|In 2015, Viet Nam foresees problems in exporting fishery products to the US and Japan, so the FTA with South Korea is especially critical. — File Photo
HA NOI (VNS) — The signing of a free trade agreement (FTA) between Viet Nam and South Korea will help Vietnamese seafood companies export their products to South Korea, according to the Viet Nam Association for Seafood Export and Processing (VASEP).
Under the FTA, South Korea will reduce taxes and offer additional opportunities for industrial and agricultural products exported from Viet Nam including fruits, textile and garment products and mechanical products. South Korea will also import Viet Nam's fishery products including shrimp, fish, squid and octopus.
Vietnamese seafood producers have many advantages due to their experiences in processing and exporting fishery products to Japan as well as South Korea, according to VASEP, which also said that Vietnamese consumers had similar tastes as South Koreans when it came to these products.
In 2015, Viet Nam foresees problems in exporting fishery products to the US and Japan, so the FTA with South Korea is especially critical.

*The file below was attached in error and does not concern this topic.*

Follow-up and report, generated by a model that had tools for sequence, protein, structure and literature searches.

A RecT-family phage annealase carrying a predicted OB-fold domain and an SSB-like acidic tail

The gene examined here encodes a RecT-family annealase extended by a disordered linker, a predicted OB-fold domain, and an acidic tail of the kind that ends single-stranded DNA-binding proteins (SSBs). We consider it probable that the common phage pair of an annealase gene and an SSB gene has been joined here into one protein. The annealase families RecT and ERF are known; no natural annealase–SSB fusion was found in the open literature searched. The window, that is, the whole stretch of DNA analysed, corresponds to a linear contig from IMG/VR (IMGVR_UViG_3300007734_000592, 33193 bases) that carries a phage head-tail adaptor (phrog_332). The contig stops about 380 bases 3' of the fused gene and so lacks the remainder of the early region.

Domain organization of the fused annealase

South Korea is now the fourth-largest importer of Vietnamese seafood and consumes the fifth-largest quantity of Vietnamese shrimp after the US, Japan, EU and China. Viet Nam surpassed China to become the top shrimp supplier for South Korea after its shrimp exports to South Korea reached US$317.8 million in 2014, an increase of 41.3 per cent over 2013.
South Korea was also one of the three largest markets for Vietnamese squid and octopus in 2014, with exports increasing 26.5 per cent over the previous year. Viet Nam's squid and octopus exports in 2014 decreased by only 1.3 per cent on the year in January and rose by 3 to 58 per cent in the next 11 months. Notably in the second quarter last year, squid and octopus exports increased by 45 to 58 per cent over the same period in 2013.
South Korea is now a stable market for Viet Nam's fishery sector, especially as its own fishery business is experiencing a short halt, according to the association. — VNS